Marijuana

Understanding Act 86: Vermont's Recreational Pot Law

Gov. Phil Scott signed Act 86 into law in January 2018, making it legal for adults 21 and older to possess an ounce of marijuana and cultivate a small number of marijuana plants under state law starting July 1, 2018.

Read Act 86 as enacted here.

Confused by the language? Check out our pot glossary.

Have questions about what the law means for you? Review our FAQ.

Ladybug crawls on a marijuana plant in Seattle on June 25, 2014.
Ted S. Warren / Associated Press File

Backers of a new marijuana legalization bill say they’re very disappointed that many members of the House Republican caucus and a number of Democrats voted to block consideration of the legislation in Wednesday’s veto session.

The golden dome of the Vermont Statehouse with a blue sky background.
Angela Evancie / VPR file

Disagreement over health care contracts for employees at public schools prompted next week's veto session, but it's not clear if the Republican governor and Democratic lawmakers will be able to bridge the divide between them on this issue.

A new advisory commission created by Gov. Phil Scott this week will focus on the issue of marijuana legalization in Vermont.
labuda / iStock

In May, Gov. Phil Scott vetoed a bill that would legalize marijuana due to several public safety concerns. Now, lawmakers think they have a compromise that would win the governor's approval. 

Gov Scott vetoed legislation that would have legalized possession of up to an ounce of marijuana in May. We're talking about whether compromise on a new bill can be reached for the June veto session.
Bob Kinzel / VPR

Gov. Phil Scott vetoed the Legislature's marijuana legalization bill, but said he was open to a new bill that addressed his public safety concerns. We're talking about the negotiations going on to reach a compromise, and whether a legalization bill could win approval in the upcoming veto session.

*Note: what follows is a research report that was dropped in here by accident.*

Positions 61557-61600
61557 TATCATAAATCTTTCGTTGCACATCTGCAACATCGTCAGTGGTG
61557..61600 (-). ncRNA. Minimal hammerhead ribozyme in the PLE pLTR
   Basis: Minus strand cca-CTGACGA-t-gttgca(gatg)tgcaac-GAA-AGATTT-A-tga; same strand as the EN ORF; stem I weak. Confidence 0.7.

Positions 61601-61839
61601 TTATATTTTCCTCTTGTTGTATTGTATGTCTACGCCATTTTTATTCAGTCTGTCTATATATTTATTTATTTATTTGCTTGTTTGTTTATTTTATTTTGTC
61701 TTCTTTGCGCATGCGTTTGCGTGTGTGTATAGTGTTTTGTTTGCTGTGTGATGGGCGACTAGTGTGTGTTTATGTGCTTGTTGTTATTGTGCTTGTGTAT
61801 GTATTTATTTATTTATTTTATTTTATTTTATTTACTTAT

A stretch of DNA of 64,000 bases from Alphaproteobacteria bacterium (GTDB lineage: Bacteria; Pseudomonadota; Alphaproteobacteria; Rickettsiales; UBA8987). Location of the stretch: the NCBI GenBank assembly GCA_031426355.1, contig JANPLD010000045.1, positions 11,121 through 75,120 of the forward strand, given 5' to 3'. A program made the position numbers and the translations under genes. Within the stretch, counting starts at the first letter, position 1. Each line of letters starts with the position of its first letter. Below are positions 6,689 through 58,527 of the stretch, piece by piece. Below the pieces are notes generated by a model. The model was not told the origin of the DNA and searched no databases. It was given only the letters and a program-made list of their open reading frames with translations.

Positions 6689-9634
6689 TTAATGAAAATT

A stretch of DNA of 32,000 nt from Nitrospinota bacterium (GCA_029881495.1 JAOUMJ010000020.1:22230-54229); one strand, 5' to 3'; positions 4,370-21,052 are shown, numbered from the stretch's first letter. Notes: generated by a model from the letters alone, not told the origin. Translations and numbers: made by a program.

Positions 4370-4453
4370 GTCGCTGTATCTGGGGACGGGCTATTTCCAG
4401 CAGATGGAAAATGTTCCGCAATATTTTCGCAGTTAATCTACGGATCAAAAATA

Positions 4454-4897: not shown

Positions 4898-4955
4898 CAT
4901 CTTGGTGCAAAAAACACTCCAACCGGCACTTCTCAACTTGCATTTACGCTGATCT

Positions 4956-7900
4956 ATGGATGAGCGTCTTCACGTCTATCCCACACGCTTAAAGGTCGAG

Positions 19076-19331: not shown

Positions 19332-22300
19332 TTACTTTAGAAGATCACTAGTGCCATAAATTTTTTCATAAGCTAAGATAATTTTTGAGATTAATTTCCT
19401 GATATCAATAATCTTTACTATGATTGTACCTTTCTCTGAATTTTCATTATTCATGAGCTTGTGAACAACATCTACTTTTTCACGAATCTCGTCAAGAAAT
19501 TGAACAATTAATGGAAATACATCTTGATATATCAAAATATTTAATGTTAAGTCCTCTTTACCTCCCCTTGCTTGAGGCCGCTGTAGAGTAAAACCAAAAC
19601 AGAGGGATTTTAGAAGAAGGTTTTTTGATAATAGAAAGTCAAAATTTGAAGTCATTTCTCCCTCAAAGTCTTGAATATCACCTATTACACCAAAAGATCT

Gov. Phil Scott says he's troubled by President Trump's comments about the violence in Charlottesville last weekend
Bob Kinzel / VPR file

Gov. Phil Scott says he's pleased by the progress that's being made to draft a compromise marijuana legalization bill that lawmakers could consider in the upcoming veto session.

Angela Evancie / VPR file

Backers of a compromise plan to legalize the recreational use of marijuana to have a proposal ready for lawmakers to consider when a special veto session begins on June 21. But they're concerned that no action will take place.

Steven Senne / Associated Press

Although the majority of Vermonters support legalization, some groups remain concerned about health and safety implications of legalizing the drug.

A new advisory commission created by Gov. Phil Scott this week will focus on the issue of marijuana legalization in Vermont.
labuda / iStock

On Wednesday, Gov. Phil Scott announced his decision on the fate of a marijuana legalization bill that had made its way to his desk. That decision was to veto the bill – but the governor also said there's potential to revisit marijuana legalization if certain changes are made by the Legislature, which is planning to hold a veto session in June.

Gov Scott vetoed legislation that would have legalized possession of up to an ounce of marijuana in May. We're talking about whether compromise on a new bill can be reached for the June veto session.